Last Updated Feb 12, 2008 5:56 PM EST
The Idea in Brief
Most leadership teams spend just three hours per month making strategic decisions. That translates into less than a week per year. Worse, many teams fritter away those precious hours on unfocused, inconclusive discussion rather than rapid, well-informed decision making.
The consequences? Delayed decisions that lead to wasted resources, missed opportunities, and poor long-term investments. One global firm spent more time each year selecting its holiday card than it did debating a vital Africa strategy.
How can your leadership team avoid such pitfalls? Spend your limited time on issues exerting the greatest impact on your company's long-term value. Deal with operations separately from strategy. Put real choices on the table, evaluating at least three viable options for every strategy. Use meeting time for decision making--not just discussion--and agree on what was decided. And move issues off your agenda as quickly as possible.
Your reward? Strategic decisions--made better and faster.
The Idea in Practice
Apply these practices to make the best use of your leadership team's time:
Deal with Strategy and Operations Separately
Holding separate meetings for each prevents day-to-day operations from dominating your team's agenda and liberates time for substantive strategy debates.
Dutch banking giant ABN AMRO's board used to spend only about an hour per month on strategy, with most of its meeting time devoted to day-to-day operational details. But market changes required a more strategic focus. The board now spends slightly less time together--but devotes much more of that time to strategy, typically about 10 hours per month.
Focus on Decisions, not Discussions
Enhance the quality and pace of your team's decision making, for example by distributing reading materials in advance of meetings. Specify why participants must read them (e.g., for information only? discussion and debate? decision making?) This readies participants to devote precious meeting time to deciding crucial issues.
Measure the Real Value of Every Agenda Item
Prioritize meeting agenda items according to each issue's impact on your company's long-term value. Address high-value issues only, and delegate low-value issues to lower organizational levels.
At Roche, the Swiss drug and diagnostic product maker, CEO Franz Humer created a "decision agenda" comprising the 10 most important opportunities and problems facing the company. Leaders regularly update the agenda by quantifying the value at stake for each issue and spend over half of their meeting time on those ten items. This process has transformed the quality and pace of Roche's strategic decision making.
Get Issues off the Agenda Quickly
Develop clear timetables detailing when and how participants will decide each issue and who will approve final strategy.
At Cardinal Health, a pharmaceutical and medical supply distributor, senior managers continually ask themselves, "When must this decision be made?" and ensure that they reach decisions within a predetermined time. Results? Less overanalysis and more rapid decision making.
Put Real Choices on the Table
Evaluate at least three viable alternatives (not just minor variations on one theme) before approving any strategy. This encourages teams to choose the best course of action, not just the most obvious. By debating alternative strategies, British retail bank Lloyds TSB decided to exit international markets, helping to expand its market value 40-fold between 1983 and 2001.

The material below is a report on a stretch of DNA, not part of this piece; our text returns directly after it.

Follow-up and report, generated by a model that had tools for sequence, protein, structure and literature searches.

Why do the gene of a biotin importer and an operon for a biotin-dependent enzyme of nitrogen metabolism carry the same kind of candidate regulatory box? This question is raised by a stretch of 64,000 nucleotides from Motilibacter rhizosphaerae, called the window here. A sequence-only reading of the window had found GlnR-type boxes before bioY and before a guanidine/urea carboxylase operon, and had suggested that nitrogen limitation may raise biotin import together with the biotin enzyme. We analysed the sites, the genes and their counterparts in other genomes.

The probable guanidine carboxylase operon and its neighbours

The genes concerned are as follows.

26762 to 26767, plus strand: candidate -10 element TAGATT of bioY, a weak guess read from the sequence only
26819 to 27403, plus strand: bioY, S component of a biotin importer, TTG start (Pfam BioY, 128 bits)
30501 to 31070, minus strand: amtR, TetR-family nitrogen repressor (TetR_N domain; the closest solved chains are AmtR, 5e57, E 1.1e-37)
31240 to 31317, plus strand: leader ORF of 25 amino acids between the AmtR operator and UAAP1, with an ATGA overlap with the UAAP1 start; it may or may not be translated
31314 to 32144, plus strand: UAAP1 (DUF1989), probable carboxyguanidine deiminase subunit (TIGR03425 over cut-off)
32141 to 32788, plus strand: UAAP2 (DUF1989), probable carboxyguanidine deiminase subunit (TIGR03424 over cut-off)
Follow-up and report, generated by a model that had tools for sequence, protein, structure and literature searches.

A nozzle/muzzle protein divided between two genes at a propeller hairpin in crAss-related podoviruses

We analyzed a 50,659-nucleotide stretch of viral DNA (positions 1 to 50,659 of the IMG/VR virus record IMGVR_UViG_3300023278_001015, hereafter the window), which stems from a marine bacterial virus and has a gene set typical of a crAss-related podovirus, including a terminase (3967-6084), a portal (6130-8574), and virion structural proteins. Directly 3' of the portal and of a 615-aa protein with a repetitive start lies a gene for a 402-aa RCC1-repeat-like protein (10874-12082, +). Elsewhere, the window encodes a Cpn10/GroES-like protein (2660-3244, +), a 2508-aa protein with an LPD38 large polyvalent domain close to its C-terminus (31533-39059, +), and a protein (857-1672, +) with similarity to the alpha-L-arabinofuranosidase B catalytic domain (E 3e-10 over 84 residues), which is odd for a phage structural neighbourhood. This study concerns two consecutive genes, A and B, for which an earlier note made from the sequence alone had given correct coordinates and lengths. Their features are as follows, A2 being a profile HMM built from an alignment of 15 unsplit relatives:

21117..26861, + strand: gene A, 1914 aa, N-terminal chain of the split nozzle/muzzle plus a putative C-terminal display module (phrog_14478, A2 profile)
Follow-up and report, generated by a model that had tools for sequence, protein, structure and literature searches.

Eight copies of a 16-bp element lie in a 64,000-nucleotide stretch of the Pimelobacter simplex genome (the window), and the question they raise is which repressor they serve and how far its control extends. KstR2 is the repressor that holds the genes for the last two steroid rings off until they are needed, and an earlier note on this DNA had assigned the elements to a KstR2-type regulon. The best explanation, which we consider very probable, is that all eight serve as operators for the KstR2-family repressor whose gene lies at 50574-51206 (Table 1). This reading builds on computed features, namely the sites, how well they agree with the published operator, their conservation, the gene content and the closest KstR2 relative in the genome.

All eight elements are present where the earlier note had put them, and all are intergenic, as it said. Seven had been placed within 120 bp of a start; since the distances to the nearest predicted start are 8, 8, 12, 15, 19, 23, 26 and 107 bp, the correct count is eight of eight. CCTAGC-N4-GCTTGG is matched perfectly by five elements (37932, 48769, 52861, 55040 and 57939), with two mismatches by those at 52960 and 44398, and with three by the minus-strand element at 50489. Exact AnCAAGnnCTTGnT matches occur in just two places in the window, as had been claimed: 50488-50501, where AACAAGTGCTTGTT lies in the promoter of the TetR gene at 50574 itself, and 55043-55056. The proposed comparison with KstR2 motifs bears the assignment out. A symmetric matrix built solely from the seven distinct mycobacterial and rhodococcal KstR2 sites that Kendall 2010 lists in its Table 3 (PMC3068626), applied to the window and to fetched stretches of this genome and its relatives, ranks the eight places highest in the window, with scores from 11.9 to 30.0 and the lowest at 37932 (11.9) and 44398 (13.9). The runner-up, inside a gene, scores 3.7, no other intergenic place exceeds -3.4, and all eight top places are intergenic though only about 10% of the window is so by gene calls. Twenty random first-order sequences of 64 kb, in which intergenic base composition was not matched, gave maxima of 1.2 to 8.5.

Make Decisions Stick
Explicitly agree on what was decided in the meeting. Then specify the resources (time, talent, and money) required to execute the strategy, as well as the financial results you've committed to deliver.
Copyright 2004 Harvard Business School Publishing Corporation. All rights reserved.
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Harvard Business Review
by Jon R. Katzenbach and Douglas K. Smith
Katzenbach and Smith offer additional suggestions for leadership teams who want to make more rapid, smarter decisions. Creating an effective team requires discipline. Team members must commit to a common purpose, then translate that purpose into specific performance goals. High-performance teams must agree on who will do what jobs, how schedules will be established and honored, and how decisions will be made and modified. Once they establish such mutual accountability, effective leadership teams determine which challenges require a real team approach and which do not.
Harvard Business Review
by Dan Lovallo and Daniel Kahneman
The authors introduce an additional obstacle to smart decision making: delusional optimism--the tendency to overemphasize a proposed initiative's potential benefits and underestimate its likely costs. Delusional optimism causes leadership team members to spin success scenarios around a proposed strategic move, while ignoring the possibility of mistakes. The consequences? Three-quarters of business initiatives flounder.
What causes delusional optimism? Numerous cognitive biases and organizational pressures--such as the tendency to ignore competitors' capabilities and plans, to exaggerate our own abilities, and to interpret critical thinking or pessimism as disloyalty to the company. The authors caution that such biases are inevitable. We can, however, take a more objective view of an initiative's likely outcome. How? Reference forecasting: comparing a project's potential outcomes with those of similar past projects--to produce more accurate predications.